8 Signs You're a Woman With Anxiety

Over 200 million people are struggling with an anxiety disorder, and women are twice as likely to be diagnosed as men. Let’s talk about some of the symptoms that women with anxiety exhibit.

8 signs of anxiety in women

1. You feel like you’re always on edge.

Does it take very little to push you past your breaking point? Maybe it’s traffic on your way to work, little remarks from your mother-in-law, or a computer that keeps freezing up on you. Whatever it is, they’re things that normally wouldn’t have you “losing it,” and yet, you can’t seem to keep your cool.

Being a woman with anxiety means that big or small, everything seems to threaten to push you past your breaking point. You just can’t take it anymore.

woman with anxiety crying

2. It’s hard to shut your brain off at night.

Even if you go to bed feeling exhausted, you can’t sleep. Period. Psychologists say that humans have more than 6,000 thoughts per day. But you’re pretty sure you have more than 6,000 at night alone.

Your brain races through memories of the past and predictions of what could happen in the future. From that time in fourth grade when a classmate made fun of your clothes to what might happen if you lose your job—even though there’s been zero indication that this is going to happen—your mind won’t stop.

3. It seems like something has zapped you of your energy.

And it goes beyond the fact that you can’t get to sleep at a reasonable hour. The mere thought of certain things makes you exhausted. Taking a shower. Getting in the car to pick up groceries. Brushing your teeth. Even the most mundane of tasks feels completely overwhelming to you.

woman with anxiety with face in hand

4. You can’t concentrate on one thing at a time.

Research confirms it: Your brain can only hold so much information at one time. This helps to explain why sometimes, you walk into a room to get something and forget what it was as soon as you walk through the door. It also explains why when you’re a woman with anxiety, your mind jumps from one thought to the next to the next. 

You can’t focus on any one thing for too long, and whenever you jump to the next thought, whatever you were previously thinking of… seems to disappear from your memory.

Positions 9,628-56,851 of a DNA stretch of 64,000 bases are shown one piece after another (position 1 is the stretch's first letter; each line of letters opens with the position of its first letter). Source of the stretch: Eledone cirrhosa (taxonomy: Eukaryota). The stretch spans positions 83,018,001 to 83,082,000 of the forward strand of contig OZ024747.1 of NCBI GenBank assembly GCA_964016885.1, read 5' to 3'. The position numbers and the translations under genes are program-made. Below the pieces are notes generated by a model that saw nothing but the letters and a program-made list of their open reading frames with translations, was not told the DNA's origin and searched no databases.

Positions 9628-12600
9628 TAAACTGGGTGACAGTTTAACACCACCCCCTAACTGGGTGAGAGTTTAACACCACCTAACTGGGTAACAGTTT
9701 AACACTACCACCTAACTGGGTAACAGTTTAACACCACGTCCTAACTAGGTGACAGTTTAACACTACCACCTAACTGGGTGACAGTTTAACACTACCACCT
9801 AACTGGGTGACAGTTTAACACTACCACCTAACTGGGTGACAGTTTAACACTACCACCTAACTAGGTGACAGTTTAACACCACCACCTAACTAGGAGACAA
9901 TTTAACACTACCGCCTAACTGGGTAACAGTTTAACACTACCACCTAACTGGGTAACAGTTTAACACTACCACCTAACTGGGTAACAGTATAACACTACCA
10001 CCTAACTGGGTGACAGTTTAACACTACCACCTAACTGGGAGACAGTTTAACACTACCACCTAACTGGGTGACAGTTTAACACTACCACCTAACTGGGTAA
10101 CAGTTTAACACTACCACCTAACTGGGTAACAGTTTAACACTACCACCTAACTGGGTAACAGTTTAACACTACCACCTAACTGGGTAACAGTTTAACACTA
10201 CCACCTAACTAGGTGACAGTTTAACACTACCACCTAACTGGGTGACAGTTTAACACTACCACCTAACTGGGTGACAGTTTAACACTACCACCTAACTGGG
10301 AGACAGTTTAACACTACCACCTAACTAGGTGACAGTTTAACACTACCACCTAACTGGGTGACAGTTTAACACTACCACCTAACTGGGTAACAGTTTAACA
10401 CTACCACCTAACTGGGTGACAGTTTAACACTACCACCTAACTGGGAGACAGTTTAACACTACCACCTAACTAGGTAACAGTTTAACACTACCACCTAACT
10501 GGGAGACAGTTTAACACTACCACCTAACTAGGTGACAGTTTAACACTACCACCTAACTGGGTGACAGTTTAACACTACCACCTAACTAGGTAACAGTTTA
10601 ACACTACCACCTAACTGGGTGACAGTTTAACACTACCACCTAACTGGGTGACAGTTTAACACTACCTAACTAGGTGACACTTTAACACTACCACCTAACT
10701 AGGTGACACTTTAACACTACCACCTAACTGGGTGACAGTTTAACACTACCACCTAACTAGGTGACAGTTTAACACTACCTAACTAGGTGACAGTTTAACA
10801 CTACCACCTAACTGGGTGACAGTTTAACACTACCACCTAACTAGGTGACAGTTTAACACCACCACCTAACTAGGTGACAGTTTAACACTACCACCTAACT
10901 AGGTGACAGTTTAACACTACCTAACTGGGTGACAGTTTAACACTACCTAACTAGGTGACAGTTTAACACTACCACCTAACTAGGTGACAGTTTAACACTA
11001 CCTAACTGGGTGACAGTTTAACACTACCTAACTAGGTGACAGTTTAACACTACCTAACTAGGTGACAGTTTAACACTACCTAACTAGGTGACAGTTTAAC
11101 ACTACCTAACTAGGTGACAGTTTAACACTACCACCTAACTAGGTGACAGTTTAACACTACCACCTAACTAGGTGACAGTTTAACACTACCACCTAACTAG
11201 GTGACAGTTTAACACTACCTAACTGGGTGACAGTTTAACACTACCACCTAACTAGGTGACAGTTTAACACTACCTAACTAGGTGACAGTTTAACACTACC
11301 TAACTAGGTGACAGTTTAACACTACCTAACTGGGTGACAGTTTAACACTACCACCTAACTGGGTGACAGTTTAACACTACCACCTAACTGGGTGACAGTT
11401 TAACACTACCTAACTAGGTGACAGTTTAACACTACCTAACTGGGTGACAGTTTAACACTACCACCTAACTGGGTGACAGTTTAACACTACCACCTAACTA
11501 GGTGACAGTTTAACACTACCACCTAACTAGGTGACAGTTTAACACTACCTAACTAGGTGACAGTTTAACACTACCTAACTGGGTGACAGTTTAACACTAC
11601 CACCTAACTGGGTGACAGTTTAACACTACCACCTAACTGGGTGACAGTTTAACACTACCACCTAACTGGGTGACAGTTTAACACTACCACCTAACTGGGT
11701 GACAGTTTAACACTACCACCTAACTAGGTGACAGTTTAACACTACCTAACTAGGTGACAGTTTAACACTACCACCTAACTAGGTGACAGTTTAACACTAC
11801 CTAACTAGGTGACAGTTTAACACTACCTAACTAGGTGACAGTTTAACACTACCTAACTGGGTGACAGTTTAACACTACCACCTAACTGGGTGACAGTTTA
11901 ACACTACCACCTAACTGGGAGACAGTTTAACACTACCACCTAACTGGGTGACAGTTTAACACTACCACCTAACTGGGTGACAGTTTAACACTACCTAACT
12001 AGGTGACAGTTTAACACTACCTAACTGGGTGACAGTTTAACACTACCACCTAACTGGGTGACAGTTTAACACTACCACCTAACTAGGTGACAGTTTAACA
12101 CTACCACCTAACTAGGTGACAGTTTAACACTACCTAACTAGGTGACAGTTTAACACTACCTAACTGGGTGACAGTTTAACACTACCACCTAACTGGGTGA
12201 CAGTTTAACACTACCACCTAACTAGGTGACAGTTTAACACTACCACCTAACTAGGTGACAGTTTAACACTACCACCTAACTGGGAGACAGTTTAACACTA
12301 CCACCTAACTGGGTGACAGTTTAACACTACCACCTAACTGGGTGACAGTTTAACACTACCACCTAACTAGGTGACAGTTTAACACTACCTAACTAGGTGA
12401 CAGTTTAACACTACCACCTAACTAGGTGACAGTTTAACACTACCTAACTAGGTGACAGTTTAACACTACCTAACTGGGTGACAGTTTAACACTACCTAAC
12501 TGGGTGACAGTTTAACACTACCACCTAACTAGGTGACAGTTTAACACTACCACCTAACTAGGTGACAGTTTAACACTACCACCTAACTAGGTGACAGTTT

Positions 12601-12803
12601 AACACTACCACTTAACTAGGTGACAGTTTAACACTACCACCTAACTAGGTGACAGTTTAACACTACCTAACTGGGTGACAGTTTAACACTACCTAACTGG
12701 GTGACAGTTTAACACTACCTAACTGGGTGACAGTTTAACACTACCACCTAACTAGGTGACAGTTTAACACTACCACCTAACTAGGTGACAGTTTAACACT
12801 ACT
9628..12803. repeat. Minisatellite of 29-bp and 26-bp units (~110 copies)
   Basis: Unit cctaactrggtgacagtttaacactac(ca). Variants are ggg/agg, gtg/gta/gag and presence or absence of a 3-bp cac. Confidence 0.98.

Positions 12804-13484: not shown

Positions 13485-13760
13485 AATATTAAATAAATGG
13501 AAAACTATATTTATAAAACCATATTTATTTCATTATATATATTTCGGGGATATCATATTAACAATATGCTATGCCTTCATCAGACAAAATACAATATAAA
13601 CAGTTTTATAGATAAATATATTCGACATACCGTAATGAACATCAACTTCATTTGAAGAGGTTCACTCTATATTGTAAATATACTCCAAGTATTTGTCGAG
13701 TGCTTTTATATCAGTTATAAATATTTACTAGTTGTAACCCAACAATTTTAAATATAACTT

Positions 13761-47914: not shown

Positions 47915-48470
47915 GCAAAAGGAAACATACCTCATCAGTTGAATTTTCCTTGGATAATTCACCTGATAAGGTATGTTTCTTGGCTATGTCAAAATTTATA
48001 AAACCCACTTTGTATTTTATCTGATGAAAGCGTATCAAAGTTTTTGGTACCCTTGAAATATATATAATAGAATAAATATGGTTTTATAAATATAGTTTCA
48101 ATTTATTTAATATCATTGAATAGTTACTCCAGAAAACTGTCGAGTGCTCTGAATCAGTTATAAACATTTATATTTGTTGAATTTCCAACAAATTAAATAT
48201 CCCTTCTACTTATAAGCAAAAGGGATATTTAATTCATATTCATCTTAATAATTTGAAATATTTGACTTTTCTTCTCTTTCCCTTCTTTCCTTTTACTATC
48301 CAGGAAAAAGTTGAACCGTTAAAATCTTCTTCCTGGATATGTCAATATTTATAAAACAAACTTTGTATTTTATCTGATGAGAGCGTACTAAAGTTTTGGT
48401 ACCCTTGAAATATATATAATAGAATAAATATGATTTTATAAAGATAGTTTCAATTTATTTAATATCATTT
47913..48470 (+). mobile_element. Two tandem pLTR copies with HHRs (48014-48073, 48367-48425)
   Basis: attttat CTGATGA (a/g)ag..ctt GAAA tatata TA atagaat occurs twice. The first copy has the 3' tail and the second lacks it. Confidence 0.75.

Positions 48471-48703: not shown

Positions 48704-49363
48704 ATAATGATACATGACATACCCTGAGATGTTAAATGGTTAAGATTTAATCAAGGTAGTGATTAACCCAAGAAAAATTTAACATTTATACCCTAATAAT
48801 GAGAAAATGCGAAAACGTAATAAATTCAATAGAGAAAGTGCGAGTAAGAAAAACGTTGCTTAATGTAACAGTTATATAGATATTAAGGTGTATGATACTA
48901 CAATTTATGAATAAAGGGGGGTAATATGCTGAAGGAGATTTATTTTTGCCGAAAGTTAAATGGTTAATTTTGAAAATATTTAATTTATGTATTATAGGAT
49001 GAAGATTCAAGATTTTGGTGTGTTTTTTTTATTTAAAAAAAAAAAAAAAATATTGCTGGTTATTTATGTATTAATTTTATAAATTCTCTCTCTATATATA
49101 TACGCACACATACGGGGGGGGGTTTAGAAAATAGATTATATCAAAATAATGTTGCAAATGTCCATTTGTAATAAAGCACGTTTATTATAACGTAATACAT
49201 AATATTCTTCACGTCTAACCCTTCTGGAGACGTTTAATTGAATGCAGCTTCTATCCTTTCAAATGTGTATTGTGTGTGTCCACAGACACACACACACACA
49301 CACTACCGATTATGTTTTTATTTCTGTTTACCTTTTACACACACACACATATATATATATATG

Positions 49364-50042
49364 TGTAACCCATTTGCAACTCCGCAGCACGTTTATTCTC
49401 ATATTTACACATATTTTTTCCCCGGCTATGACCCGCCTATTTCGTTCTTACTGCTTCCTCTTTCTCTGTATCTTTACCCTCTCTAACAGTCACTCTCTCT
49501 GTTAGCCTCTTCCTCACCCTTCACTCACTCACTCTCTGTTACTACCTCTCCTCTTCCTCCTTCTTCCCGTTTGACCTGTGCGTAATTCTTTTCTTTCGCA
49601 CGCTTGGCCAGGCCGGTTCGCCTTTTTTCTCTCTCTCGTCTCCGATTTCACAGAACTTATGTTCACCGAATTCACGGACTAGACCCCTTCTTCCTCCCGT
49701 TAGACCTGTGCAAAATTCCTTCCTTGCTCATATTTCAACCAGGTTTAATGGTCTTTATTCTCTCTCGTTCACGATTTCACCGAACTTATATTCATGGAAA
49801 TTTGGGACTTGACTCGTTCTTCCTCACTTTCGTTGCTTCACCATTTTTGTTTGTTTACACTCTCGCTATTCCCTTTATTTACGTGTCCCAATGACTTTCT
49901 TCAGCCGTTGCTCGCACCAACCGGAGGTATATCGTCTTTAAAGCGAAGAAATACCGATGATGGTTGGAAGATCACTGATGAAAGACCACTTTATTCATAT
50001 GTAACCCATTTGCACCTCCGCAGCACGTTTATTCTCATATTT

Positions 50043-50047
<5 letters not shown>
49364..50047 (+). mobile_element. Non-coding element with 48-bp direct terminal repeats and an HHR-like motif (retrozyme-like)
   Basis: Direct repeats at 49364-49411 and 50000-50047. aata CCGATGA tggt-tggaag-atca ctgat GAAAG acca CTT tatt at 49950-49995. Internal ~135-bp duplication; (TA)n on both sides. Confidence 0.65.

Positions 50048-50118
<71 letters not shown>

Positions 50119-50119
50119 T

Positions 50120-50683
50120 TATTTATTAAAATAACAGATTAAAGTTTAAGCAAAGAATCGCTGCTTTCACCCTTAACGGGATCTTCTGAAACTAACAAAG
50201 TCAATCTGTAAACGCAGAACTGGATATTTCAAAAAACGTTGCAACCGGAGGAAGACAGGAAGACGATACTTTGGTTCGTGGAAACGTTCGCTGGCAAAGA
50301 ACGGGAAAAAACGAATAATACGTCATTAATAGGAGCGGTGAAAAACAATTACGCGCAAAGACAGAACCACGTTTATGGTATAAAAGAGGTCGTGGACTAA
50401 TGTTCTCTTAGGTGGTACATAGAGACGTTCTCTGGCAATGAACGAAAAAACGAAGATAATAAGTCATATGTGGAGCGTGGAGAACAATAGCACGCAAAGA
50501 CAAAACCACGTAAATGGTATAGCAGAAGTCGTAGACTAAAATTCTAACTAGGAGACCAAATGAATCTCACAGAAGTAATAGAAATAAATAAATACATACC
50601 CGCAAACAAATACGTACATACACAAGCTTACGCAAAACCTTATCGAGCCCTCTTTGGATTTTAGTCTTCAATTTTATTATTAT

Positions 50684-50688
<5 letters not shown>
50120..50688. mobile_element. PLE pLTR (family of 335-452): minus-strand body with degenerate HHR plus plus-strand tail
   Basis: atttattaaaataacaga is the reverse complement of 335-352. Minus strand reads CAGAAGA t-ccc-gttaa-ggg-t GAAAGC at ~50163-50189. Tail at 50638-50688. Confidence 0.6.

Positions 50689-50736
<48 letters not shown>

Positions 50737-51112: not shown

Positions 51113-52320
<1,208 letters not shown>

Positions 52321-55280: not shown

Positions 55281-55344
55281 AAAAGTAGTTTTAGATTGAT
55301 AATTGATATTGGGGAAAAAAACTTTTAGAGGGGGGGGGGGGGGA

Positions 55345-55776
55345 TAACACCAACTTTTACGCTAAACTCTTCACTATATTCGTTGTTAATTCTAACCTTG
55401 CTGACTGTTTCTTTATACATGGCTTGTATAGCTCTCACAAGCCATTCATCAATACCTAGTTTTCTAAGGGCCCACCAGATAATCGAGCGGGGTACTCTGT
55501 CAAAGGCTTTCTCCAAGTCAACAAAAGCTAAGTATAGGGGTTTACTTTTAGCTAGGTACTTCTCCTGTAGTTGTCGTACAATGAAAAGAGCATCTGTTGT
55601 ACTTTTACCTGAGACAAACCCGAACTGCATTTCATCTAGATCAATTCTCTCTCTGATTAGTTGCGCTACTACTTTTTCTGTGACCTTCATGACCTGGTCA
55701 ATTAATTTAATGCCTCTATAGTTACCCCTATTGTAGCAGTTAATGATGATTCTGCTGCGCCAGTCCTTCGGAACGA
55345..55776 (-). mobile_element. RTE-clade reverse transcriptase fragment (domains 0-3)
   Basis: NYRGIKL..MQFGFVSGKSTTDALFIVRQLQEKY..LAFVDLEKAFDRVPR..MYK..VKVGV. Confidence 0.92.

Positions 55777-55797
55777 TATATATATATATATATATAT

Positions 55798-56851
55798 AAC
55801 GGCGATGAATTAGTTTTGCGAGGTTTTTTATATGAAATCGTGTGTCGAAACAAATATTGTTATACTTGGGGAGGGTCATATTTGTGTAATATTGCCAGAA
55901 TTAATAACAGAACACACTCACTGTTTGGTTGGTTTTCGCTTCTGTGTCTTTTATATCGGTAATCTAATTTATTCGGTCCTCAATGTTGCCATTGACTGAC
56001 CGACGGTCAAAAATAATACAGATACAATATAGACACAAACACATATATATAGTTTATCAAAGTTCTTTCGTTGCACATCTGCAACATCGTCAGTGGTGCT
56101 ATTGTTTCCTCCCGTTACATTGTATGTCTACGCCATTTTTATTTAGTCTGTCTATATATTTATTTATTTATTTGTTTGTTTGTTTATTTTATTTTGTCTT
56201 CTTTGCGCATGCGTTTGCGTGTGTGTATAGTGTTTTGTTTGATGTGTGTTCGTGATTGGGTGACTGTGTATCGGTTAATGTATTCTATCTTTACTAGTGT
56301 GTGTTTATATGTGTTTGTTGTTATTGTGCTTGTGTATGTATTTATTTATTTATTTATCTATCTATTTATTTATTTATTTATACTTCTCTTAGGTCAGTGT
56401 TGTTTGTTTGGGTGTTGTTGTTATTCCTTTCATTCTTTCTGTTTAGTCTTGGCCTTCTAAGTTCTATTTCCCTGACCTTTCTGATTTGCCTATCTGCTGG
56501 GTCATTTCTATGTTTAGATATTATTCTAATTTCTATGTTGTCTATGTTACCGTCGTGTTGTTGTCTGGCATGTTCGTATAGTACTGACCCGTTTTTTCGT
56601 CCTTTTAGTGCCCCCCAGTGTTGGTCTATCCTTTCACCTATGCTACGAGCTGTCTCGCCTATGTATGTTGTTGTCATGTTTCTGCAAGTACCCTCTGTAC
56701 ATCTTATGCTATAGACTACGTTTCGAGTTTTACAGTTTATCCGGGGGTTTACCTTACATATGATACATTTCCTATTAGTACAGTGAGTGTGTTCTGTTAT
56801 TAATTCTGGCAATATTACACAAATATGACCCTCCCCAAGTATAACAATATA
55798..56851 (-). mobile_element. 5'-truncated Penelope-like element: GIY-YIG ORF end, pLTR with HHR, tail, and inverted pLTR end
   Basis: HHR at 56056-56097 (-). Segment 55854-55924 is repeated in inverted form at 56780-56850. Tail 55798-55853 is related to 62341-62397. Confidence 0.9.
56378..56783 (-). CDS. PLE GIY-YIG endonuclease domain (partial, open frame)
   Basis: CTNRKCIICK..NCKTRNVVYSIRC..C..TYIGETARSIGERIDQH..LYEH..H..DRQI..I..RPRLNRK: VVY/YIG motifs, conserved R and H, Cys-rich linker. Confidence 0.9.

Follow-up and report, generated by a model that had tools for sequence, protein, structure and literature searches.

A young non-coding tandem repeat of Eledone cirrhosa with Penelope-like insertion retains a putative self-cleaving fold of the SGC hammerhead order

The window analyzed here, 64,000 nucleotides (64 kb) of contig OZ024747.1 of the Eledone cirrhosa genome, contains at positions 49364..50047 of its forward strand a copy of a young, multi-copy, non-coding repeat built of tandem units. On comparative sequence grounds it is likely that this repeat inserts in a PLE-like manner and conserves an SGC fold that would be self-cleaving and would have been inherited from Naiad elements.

5. Your heart is racing and you can’t seem to catch your breath.

It isn’t all in your head—literally. When you’re in a state of anxiety, your body is basically trying to determine whether it should fight, flight, or freeze up. It’s almost like you’re evaluating a threat that isn’t really there. (In fact, this is exactly what’s happening.)

In this state, certain parts of your body kick into high gear—namely, your hypothalamus and pituitary gland (in your brain) and your adrenal glands. They begin to release all sorts of hormones, and it’s these hormones that make your heart speed up and your breathing choppy.

6. Your belly is a total mess.

Is your stomach upset? Are you experiencing diarrhea or maybe nausea? That could be a sign of anxiety, and there’s a specific reason why it’s happening.

woman with anxiety experiencing stomachache in bed

More and more over time, science is unearthing the connection between the brain and gut. In fact, some call the gut your second brain. Another name for this connection? The gut-brain axis.

On one end of the axis, you have your central nervous system, and on the other, the enteric nervous system, which belongs to your gut. These two systems are linked. When one acts up, the other can as well. That’s why, if you’re experiencing any type of emotional distress, you can have stomach problems. And conversely, if you’re experiencing stomach problems, it can affect your mental health.

7. You’re sweating more than normal.